A change in the rules on the obligatory purchase of an annuity seems inevitable.
The Choices paper on annuity reform by Dr Oonagh McDonald has tapped into a seam of desire for change. Those wanting to keep the status quo are becoming thin on the ground.
The issue is of such core importance for Middle England that the debate could even reach election manifestoes – one of McDonald's aims.
But some commentators believe the Government has yet to come out with any concrete proposals because it wants to let the debate proceed before committing itself.
Others are moving more quickly. Conservative MP John Butterfill's private member's bill is scheduled for its second reading on March 9 and his proposals are echoed in former Labour MP McDonald's paper.
Many in the financial services industry support the direction of the reforms, as do the Liberal Democrats.
LibDem MP Vincent Cable says: “We raised the issue in the House of Commons two years ago. Steve Webb and I got a long adjournment in a debate over the issue. At the time, the Government undertook to deal with the antiquated regulations and bring an end to this paternalistic system.”
A Treasury spokesman says: “We are looking at the issue and the way forward. But we have a lot of issues in this area such as the minimum funding requirement, pension misselling and annuities. We think it is sensible to tie all these strands together in one large announcement. But we have no idea of the timetable for any announcement.”
The Treasury's principal concern is that people will blow their retirement provision in a spending spree.
Butterfill's bill proposes that people are given the freedom to spend the money how they want after buying an index-linked annuity up to the level of the minimum income guarantee to ensure that they do not have to fall back on state benefits.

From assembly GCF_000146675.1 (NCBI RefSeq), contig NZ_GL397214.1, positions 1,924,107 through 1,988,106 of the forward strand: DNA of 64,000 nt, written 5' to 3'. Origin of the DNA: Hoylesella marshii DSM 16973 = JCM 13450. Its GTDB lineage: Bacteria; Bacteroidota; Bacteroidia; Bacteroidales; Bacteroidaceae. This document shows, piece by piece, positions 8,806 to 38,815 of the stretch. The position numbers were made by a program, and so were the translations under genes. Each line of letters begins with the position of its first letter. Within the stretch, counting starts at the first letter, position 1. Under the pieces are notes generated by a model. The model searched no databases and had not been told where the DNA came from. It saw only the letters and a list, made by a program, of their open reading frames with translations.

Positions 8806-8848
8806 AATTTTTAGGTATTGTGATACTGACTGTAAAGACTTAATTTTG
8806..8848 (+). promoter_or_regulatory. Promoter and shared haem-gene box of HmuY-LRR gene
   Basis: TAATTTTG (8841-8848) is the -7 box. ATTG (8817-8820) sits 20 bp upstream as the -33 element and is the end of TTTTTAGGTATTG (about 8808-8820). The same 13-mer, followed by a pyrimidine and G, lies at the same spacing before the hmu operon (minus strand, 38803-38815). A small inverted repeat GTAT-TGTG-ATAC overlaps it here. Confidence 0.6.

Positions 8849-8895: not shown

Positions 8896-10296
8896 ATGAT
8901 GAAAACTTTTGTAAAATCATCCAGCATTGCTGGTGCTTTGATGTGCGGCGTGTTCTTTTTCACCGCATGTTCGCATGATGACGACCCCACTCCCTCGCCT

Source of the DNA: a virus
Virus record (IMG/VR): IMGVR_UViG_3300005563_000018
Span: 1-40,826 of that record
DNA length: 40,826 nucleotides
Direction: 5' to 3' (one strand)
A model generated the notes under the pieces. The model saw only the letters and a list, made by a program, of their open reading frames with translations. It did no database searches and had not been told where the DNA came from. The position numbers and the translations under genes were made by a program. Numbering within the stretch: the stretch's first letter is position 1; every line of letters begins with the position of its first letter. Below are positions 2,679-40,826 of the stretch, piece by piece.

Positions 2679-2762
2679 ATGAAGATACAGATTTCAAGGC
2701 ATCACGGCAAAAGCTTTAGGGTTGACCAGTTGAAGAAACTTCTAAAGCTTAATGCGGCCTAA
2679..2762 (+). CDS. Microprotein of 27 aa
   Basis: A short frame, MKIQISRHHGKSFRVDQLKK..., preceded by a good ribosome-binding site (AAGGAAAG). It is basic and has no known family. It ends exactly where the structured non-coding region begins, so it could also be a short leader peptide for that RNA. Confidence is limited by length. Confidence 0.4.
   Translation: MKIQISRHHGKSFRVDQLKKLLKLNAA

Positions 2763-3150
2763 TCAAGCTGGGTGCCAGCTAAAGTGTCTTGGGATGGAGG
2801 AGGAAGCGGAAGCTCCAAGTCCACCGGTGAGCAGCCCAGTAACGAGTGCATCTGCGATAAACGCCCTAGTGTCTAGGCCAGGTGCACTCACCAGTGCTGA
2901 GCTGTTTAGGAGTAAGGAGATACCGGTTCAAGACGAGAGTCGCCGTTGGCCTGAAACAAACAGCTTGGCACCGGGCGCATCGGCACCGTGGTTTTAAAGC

After April, when the Mig rises to £92.15 for a man, an annuity to cover this figure would cost a 65-year-old man around £70,000. Under Butterfill's proposals, the remainder of the pension fund would be paid to the individual as a tax-free lump sum.
But there are some annuity experts who, like the Treasury, remain cautious.
Morestead director William Burrows believes there should be a debate about compulsion. He says: “Forcing people to buy an annuity equivalent to the minimum income guarantee at the age of 65 would give them less flexibility than they already have. The average annuity purchase price is £30,000.A Mig would cost £70,000.”
Those looking to change the system already have a real situation to study. The Rep-ublic of Ireland relaxed its laws on the mandatory purchase of annuities in 1999 and so far the rule changes have been popular.
Initially, the rules applied only to the self-employed and directors holding a substantial stake in their own companies but they have been extended to cover all those paying additional voluntary contributions.
The Irish system allows pension funds to be invested in approved retirement funds (Arfs) which some banks and institutions are offering.
The rules for making financial services products into an Arf are very straightforward, resulting in a wide range of products being made available to those investing their pensions.
Mercer Irish Pension Trust director Alan Broxson says: “You could put the whole lot on the five o'clock at Ascot but there have been no reports of that happening. It has not been a good year for equities but it is early days yet and the people who are using these funds are fairly astute.”
Mercer head of retirement research Paul Kenny says: “The rule changes have been exceedingly popular. People with ongoing care of dependent physically or mentally handicapped children are particularly happy that they can pass on their funds to them when they die.”
Kenny says: “The other area of particular benefit is for people who do not need the income from their annuity because they have other sources of income. They can then pass on the benefits of their pension fund to their families.”